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Optical measurement of rectal microvasculature as an adjunct to flexible sigmoidosocopy: gender-specific implications.
Cancer Prev Res (Phila)
PUBLISHED: 06-22-2010
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Flexible sigmoidoscopy is a robust, clinically validated, and widely available colorectal cancer screening technique that is currently sanctioned by major guideline organizations. Given that endoscopic visualization is generally limited to the distal third of the colon and women tend to have a proclivity for proximal lesions, the flexible sigmoidoscopy performance is markedly inferior in women than in men. Our group has shown that by using a novel light-scattering approach, we were able to detect an early increase in blood supply (EIBS) in the distal colonic mucosa, which served as a marker of field carcinogenesis and, hence, proximal neoplasia. Therefore, we sought to ascertain whether rectal EIBS would improve flexible sigmoidoscopy, especially in women. A polarization-gated spectroscopy fiber-optic probe was used to assess EIBS in the endoscopically normal rectum (n = 366). When compared with gender-matched neoplasia-free controls, females with advanced proximal neoplasia (n = 10) had a robust (60%; P = 0.002) increase in rectal mucosal oxyhemoglobin content whereas the effect size in males was less marked (33%; P = 0.052). In women, addition of rectal oxyhemoglobin tripled the sensitivity for advanced neoplasia over flexible sigmoidoscopy alone. Indeed, the performance characteristics seemed to be excellent (sensitivity, 100%; specificity, 76.8%; positive predictive value, 32.6%; and negative predictive value, 100%). A variety of nonneoplastic factors were assessed and did not confound the relationship between rectal EIBS and advanced neoplasia. Therefore, using rectal EIBS in combination with flexible sigmoidoscopy mitigated the gender gap and may allow flexible sigmoidoscopy to be considered as a viable colorectal cancer screening test in women.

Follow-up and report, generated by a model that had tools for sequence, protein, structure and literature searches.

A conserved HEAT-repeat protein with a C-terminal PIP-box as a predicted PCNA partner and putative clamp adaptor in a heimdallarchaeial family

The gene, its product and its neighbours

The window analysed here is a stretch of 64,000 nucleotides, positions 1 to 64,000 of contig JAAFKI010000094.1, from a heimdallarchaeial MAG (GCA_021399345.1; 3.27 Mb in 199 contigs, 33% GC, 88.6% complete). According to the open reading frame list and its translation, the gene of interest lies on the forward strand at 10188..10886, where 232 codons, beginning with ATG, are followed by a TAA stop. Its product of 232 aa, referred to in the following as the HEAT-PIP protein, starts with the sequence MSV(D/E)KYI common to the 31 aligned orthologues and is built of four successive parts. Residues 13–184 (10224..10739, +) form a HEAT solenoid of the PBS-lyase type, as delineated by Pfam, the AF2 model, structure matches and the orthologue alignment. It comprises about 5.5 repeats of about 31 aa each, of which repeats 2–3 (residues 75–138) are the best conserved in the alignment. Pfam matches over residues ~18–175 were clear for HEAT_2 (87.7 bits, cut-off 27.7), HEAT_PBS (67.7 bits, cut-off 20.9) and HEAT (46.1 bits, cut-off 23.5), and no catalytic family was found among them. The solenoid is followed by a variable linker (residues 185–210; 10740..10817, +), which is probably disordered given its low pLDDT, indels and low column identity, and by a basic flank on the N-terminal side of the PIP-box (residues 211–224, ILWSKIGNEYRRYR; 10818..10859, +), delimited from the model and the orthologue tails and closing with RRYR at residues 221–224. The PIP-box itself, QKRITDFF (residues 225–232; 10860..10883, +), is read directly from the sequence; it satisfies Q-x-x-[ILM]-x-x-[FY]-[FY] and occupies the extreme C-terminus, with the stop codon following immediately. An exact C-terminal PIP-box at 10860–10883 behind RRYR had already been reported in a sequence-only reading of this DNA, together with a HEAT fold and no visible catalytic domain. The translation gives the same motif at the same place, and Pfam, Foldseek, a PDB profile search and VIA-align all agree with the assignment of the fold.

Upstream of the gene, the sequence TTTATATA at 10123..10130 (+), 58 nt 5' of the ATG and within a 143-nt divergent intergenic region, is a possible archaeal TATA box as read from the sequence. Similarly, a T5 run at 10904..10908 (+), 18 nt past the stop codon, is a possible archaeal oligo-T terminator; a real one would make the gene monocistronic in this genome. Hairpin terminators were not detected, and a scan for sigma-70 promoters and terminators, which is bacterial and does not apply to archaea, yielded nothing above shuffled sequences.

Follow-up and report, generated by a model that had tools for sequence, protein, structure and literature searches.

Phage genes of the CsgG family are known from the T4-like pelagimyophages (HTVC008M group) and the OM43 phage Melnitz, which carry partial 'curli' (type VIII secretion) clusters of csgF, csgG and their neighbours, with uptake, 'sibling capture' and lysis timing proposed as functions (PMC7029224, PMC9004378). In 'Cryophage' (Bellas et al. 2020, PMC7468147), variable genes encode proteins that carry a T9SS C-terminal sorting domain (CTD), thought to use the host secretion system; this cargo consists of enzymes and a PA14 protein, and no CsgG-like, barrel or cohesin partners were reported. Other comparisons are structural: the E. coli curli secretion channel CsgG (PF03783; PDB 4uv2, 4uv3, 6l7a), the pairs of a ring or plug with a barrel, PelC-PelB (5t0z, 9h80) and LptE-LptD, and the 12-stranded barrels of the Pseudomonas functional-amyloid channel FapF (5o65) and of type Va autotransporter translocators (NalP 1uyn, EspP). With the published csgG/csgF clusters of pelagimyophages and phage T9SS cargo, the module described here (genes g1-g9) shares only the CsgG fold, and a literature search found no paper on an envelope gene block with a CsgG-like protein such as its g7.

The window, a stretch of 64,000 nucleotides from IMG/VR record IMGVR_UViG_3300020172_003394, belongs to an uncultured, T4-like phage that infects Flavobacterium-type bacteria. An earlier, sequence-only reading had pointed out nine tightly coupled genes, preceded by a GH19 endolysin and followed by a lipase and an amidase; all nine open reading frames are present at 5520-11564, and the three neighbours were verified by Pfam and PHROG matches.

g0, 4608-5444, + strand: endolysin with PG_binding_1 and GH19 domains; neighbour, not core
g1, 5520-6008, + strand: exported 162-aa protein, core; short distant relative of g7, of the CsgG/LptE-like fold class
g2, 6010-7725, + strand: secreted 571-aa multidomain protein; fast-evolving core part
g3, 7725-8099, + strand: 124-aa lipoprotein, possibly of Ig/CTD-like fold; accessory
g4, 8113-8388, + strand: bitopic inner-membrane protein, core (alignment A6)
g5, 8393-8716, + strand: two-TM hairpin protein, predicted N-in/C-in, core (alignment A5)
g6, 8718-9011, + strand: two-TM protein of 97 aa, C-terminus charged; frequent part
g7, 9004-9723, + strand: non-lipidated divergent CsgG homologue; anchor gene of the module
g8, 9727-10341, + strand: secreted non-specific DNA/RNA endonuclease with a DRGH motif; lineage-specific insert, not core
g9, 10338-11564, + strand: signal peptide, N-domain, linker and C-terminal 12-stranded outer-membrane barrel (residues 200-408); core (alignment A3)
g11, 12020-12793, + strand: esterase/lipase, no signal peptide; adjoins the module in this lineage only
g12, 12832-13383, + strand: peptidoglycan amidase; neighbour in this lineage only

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A parallel chiral-achiral liquid chromatographic method for the determination of the stereoisomers of ketamine and ketamine metabolites in the plasma and urine of patients with complex regional pain syndrome.
Talanta
PUBLISHED: 06-10-2010
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A parallel chiral/achiral LC-MS/MS assay has been developed and validated to measure the plasma and urine concentrations of the enantiomers of ketamine, (R)- and (S)-Ket, in complex regional pain syndrome (CRPS) patients receiving a 5-day continuous infusion of a sub-anesthetic dose of (R,S)-Ket. The method was also validated for the determination of the enantiomers of the Ket metabolites norketamine, (R)- and (S)-norKet and dehydronorketamine, (R)- and (S)-DHNK, as well as the diastereomeric metabolites hydroxynorketamine, (2S,6S)-/(2R,6R)-HNK and two hydroxyketamines, (2S,6S)-HKet and (2S,6R)-Hket. In this method, (R,S)-Ket, (R,S)-norKet and (R,S)-DHNK and the diastereomeric hydroxyl-metabolites were separated and quantified using a C(18) stationary phase and the relative enantiomeric concentrations of (R,S)-Ket, (R,S)-norKet and (R,S)-DHNK were determined using an AGP-CSP. The analysis of the results of microsomal incubations of (R)- and (S)-Ket and a plasma and urine sample from a CRPS patient indicated the presence of 10 additional compounds and glucuronides. The data from the analysis of the patient sample also demonstrated that a series of HNK metabolites were the primary metabolites in plasma and (R)- and (S)-DHNK were the major metabolites found in urine. The results suggest that norKet is the initial, but not the primary metabolite and that downstream norKet metabolites play a role in (R,S)-Ket-related pain relief in CRPS patients.